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Villard Houses

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Villard Houses
Address: 451 Madison Avenue
Area: Midtown
Subway: 51st Street - Lexington
Type: Offices
Year: 1884
Architecture: McKim, Mead & White
Style: Neo Renaissance
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Building Highlights

The Villard Houses were commissioned by and named for American journalist and financier Henry Villard shortly before his railroad empire began to crumble. The residences was one of the first buildings designed by architecture firm McKim, Mead and White, whom went on too become one of the most successful firms in New York City’s history. The building, modeled after the Cancelleria in Rome, was constructed in 1884. During the 1970’s, restoration of the residence and construction of the 51-story tower that sits directly behind the residences was completed by real estate developer Harry B. Helmsley.

Building History & Stories

The Villard Houses were named for Henry Villard. Villard was an American journalist and financier who was an early president of the Northern Pacific Railway. He commissioned the Villard Houses shortly before his railroad empire began to crumble.

The Villard Houses was designed by architecture firm McKim, Mead and White and constructed in 1884. Firm partner Charles White’s sister was married to Villard’s brother-in-law, which may have played a role in the firm’s selection for the project. The residences were one of the firm’s earliest commissions. McKim, Mead and White went on to become one of the most celebrated architecture firms in New York City’s history.

The townhouse complex had been modeled after the Cancelleria in Rome. As is common with Italian Renaissance architecture, the exterior of the residences reveals little about the grand interiors. The highly polished beige marble lobby has three levels, all of which are accessible from the grand staircase.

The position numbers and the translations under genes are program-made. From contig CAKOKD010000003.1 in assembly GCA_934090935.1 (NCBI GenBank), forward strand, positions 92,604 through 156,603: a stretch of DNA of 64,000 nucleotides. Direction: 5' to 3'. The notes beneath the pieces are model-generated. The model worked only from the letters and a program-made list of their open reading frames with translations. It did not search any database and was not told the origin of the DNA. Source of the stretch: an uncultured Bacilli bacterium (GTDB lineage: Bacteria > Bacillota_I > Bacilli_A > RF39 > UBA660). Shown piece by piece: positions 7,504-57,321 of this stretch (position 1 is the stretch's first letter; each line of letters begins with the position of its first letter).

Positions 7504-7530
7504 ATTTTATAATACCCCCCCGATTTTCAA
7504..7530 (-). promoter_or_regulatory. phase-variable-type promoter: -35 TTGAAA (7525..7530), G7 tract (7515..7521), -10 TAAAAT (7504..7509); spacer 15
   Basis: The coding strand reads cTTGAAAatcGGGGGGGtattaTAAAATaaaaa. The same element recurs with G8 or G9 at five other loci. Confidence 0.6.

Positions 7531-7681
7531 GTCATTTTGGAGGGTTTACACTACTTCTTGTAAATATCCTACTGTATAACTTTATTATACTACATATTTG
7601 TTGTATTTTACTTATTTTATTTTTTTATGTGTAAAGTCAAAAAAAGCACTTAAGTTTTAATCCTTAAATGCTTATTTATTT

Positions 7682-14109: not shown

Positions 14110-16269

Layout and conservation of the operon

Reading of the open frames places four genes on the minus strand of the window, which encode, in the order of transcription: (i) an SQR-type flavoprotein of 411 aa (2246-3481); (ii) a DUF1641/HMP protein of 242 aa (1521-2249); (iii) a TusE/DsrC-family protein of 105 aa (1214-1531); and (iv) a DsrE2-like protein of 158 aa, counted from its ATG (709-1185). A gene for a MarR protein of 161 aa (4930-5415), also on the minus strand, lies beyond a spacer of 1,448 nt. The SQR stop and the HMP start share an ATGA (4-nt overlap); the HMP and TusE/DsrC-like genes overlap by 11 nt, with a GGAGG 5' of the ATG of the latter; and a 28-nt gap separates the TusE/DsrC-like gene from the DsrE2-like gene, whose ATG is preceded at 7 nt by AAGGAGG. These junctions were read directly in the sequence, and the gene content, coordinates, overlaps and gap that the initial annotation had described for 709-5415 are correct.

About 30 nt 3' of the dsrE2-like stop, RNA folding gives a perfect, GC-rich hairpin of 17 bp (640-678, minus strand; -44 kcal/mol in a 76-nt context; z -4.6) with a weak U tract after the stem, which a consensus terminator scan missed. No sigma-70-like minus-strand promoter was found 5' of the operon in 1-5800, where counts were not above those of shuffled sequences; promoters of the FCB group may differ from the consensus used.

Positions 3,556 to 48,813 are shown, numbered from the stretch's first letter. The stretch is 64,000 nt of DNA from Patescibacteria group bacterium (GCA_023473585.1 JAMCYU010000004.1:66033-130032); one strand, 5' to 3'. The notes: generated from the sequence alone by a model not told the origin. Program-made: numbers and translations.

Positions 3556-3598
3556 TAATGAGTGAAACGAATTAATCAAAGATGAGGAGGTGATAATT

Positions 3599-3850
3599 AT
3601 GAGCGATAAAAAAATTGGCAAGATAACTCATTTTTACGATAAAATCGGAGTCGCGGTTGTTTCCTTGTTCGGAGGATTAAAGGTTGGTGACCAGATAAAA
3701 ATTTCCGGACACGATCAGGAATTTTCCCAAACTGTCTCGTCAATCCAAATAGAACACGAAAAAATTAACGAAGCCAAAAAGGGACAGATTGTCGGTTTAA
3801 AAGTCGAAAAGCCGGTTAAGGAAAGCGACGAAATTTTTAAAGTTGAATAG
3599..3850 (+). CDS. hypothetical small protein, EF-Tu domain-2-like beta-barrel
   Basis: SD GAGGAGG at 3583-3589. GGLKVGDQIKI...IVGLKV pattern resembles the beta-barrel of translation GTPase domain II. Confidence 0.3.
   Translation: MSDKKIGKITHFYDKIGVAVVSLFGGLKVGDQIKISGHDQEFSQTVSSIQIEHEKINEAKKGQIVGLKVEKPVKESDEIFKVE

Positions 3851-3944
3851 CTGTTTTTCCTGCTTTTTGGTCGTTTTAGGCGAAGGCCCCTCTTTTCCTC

Over the years the buildings and interiors proved to be expensive to maintain. Most of the originally lavish interiors of the residence had been gutted and reused for various office purposes. However, the Villard House, at the south side of the courtyard, been well persevered.

The Villard Houses was designated a landmark by the New York City Landmarks Preservation Commission in 1968. Restoration of the residence along with construction of a 51-story New York Palace Hotel tower directly behind the original building was proposed by real estate developer Harry B. Helmsley. Helmsley’s companies property portfolio was one of the largest in the United States and included such notably buildings as the Empire State Building, The Helmsley Palace, and the Park Lane Hotel. He had originally wanted to demolish the Villard Houses for his new building; though, the Landmarks Preservation Commission fought to save the original structures.

The project was designed in partnership by architect firms Emery Roth & Sons and Hardy Holzman Pfeiffer in 1977 and completed in 1980. Emery Roth had built a reputation for designing many of the many of the definitive New York City hotels and apartment buildings of the 1920s and 30s. His sons took over and largely expanded the firm.

The wings of the building now house several of the city’s non-profit organizations including the Urban Center, the Landmarks Conservancy, and the Municipal Arts Society. The fashionable Upper East Side restaurant Le Cirque 2000 relocated into the public rooms of the Villard townhouse in the mid-1990s. At about the same time, the hotel created an elegant outdoor café in the courtyard.

The original building was restored in 2003. The building is frequently scene in the TV series Gossip Girl as the hotel where the van der Woodsen family lives.

Architecture Notes

The Villard Houses consist of five Renaissance Revival buildings are unified by a single facade that wraps around a U-shaped courtyard. The style is based on that of a 15th century Italian palazzo. The design of the hotel tower addition, which sits behind the residences, departs radically from the Villard Houses in terms of color, form, decoration and scale.